As a child of the 1970s, I was impacted by four television shows over all others: The Super Friends, Star Trek, The Twilight Zone, and, most notably, Land of the Lost.

The Super Friends, a Saturday morning cartoon featuring Batman, Superman, Wonder Woman, and other Justice Leaguers, sparked my interest in superheroes. More serious than the Adam West Batman show and more colorful and adventurous than Adventures of Superman starring George Reeves, The Super Friends lead me down the road of reading comic books, which eventually lead to my co-owning two comic book stores and writing for the Comics Buyer’s Guide, the latter of which was my introduction to getting published nationally on a regular basis.

Star Trek and The Twilight Zone, which I watched as reruns, cemented my love for science fiction, a genre that has influenced me in many ways, including my career path and outlook on life. I was introduced to science fiction via Lost in Space but fell in love it with through The Land of the Lost.

A show that sent my senses soaring, Land of the Lost ran on NBC Saturday mornings from 1974 through 1976. There were 43 episodes spread across three seasons. As the theme song goes, it’s the story of Rick Marshall and his kids, Will and Holly, who were on a “routine expedition,” river rafting in the Grand Canyon. An earthquake opens up and plunges them “a thousand feet below” to a mysterious world of stop-motion dinosaurs, furry Pakuni people, and bipedal reptilian cave dwellers called Sleestaks (including one played by future NBA superstar Bill Laimbeer). The Sleestaks’ ineffectual arrows they would shoot at Rick, Will, and Holly never hit their mark, but the creatures looked and sounded scary to young children.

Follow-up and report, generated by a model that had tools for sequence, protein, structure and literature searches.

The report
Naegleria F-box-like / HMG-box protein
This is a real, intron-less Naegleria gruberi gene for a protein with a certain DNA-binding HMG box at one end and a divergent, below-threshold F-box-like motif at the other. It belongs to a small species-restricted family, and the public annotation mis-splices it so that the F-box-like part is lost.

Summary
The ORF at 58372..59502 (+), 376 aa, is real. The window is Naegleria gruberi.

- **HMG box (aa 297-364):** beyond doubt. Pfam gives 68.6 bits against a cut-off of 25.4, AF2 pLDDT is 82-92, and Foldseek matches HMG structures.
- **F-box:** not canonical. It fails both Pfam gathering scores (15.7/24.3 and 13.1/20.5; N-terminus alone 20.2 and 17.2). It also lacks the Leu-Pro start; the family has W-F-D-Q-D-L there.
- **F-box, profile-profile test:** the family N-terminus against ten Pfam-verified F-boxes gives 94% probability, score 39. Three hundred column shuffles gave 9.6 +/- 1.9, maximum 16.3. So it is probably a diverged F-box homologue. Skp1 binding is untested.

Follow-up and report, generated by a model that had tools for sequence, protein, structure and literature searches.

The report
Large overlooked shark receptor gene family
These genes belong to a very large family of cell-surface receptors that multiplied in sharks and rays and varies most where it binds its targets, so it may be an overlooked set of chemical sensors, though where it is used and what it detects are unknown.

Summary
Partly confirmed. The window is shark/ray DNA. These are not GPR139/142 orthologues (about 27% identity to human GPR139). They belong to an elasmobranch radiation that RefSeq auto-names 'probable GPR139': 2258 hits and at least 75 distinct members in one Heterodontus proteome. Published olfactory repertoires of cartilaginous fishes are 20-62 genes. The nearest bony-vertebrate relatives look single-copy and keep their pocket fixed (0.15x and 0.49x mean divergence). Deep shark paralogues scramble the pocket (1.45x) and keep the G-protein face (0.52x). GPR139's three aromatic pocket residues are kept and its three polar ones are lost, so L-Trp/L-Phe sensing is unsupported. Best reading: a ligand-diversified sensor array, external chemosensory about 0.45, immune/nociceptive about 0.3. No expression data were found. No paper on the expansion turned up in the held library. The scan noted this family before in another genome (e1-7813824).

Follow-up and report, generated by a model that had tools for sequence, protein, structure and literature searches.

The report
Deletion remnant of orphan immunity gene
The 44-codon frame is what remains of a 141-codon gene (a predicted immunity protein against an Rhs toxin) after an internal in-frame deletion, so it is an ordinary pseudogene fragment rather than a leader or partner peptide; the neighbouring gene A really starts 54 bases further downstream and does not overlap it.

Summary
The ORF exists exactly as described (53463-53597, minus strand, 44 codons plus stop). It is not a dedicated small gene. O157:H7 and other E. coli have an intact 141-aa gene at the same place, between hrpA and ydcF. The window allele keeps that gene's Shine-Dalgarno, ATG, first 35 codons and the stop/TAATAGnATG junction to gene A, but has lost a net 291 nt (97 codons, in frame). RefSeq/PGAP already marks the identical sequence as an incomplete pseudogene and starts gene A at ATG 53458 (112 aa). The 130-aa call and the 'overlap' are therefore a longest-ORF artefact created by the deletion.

A typical episode would find our heroes, who had fewer amenities than Robinson Crusoe (which is one of many things that made the original series much better than the 1991-1992 remake), gathering food, running from dinosaurs, and exploring their mysterious new world, including the spooky pylons, which held the secret to getting home.

While Land of the Lost was filled with fantasy and adventure, its literary scripts were what made it special. To give the program depth beyond typical kiddie fare, producers Sid and Marty Krofft (H.R. Pufnstuf, Sigmund and the Sea Monsters) commissioned a number of highly respected science fiction authors to write the scripts, including Ben Bova, D.C. Fontana, Larry Niven, Norman Spinrad, Theodore Sturgeon, and David Gerrold.